US: Coca-Cola Consolidated agrees discrimination settlement
Coca-Cola Bottling Co Consolidated has made a settlement with 95 of its workers
Coca-Cola Bottling Co Consolidated has made a settlement with 95 of its workers after an investigation was carried out by the US Department of Labor's Office over claims of racial discrimination.
The US Department of Labor's Office of Federal Contract Compliance Programmes (OFCCP) said on Thursday (7 October) that the bottler had agreed to pay US$495,000 in back wages and interest to 95 African-American and Hispanic job seekers who applied for sales support positions at the company's distribution facility in Charlotte, North Carolina in 2002.
The OFCCP's investigation found that the Coca-Cola bottler failed to hire "qualified minority applicants at a comparable rate to non-minority applicants". The office also found that the bottler's records revealed instances in which rejected minority applicants had more experience and education than some non-minority hires, it stated.
In addition to back pay, the Coca-Cola bottler has agreed to make offers of employment to the 95 applicants involved until at least 23 interested applicants are hired.
As part of the settlement, those hired will receive back-dated seniority benefits that they would have accrued from 1 July 2002.
"The Labor Department is firmly committed to ensuring that those who do business with our government do not discriminate in their employment practices," said OFCCP director Patricia Shiu. "Being a federal contractor is a privilege that comes with an obligation to ensure equal opportunity in employment."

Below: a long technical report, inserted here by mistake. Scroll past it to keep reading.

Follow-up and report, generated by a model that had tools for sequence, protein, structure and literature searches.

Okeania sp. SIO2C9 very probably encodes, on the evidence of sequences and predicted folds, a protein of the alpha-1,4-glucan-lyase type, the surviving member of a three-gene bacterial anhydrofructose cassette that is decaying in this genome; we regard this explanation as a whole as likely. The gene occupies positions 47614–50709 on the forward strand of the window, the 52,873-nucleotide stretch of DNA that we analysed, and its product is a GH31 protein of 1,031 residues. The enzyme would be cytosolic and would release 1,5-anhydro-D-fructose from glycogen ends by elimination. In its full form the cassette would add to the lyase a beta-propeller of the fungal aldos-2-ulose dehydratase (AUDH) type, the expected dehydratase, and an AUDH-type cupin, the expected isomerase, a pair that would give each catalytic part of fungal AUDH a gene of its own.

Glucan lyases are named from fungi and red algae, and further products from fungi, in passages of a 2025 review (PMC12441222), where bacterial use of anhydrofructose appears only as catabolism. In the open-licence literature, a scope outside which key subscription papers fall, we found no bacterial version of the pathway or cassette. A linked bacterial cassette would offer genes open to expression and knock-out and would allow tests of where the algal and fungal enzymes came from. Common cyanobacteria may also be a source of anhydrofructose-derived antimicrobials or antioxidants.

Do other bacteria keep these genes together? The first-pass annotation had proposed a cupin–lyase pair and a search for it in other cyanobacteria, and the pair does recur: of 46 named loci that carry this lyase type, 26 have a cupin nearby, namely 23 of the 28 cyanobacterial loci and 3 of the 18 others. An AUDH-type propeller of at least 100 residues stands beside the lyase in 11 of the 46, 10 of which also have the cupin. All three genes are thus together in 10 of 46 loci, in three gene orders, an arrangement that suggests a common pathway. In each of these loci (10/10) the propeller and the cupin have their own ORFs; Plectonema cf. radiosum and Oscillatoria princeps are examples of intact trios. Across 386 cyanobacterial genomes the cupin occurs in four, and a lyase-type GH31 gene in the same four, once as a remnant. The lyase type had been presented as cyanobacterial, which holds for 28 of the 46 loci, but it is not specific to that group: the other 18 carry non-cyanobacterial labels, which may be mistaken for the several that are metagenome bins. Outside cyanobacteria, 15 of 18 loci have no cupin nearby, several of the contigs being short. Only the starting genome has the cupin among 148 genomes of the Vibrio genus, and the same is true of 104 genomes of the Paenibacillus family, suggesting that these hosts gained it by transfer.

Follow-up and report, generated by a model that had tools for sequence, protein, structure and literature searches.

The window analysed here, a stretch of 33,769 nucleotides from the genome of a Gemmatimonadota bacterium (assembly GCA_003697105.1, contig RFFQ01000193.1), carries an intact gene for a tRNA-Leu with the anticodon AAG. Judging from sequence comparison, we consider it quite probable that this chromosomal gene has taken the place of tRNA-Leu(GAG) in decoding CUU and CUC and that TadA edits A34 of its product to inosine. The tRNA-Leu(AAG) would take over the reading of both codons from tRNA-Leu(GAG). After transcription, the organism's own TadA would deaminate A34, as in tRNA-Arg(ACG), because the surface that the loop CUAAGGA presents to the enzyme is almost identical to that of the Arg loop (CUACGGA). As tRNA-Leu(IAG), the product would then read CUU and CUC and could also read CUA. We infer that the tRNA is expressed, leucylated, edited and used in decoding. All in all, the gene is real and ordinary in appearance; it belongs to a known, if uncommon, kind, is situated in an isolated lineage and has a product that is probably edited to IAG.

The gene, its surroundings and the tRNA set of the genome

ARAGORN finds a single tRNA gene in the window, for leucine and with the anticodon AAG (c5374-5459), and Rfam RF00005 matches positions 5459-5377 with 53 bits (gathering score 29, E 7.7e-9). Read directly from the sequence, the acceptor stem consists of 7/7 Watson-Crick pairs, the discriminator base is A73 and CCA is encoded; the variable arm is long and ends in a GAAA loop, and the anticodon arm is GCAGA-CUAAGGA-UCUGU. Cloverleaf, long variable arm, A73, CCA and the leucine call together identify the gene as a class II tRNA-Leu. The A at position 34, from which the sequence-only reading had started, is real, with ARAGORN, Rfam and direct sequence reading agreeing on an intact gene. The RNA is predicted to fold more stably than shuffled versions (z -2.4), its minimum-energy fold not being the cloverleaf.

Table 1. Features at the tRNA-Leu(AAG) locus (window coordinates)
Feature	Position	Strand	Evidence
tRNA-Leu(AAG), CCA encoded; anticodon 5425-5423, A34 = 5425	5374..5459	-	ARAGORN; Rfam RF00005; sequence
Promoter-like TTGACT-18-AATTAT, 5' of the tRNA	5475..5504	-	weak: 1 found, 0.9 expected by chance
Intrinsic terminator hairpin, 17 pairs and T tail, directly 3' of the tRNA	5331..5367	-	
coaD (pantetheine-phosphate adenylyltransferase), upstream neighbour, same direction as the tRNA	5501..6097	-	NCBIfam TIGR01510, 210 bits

In response, Coca-Cola Bottling Co Consolidated said it "did not and does not discriminate against any person for any reason" and that there were "legitimate non-discriminatory reasons" for not hiring certain applicants subject to the claim.
"The claim that was settled is based on a statistical formula applied to the applicant pool and dates back to 2002," a spokesperson said. "Upon consideration of a number of factors, the company entered in to a settlement agreement with no admission of wrong-doing. We have a long history of working cooperatively with the OFCCP. We remain committed treating all job applicants fairly and living our purpose statement which directs us to value and cultivate diversity in our workplace."
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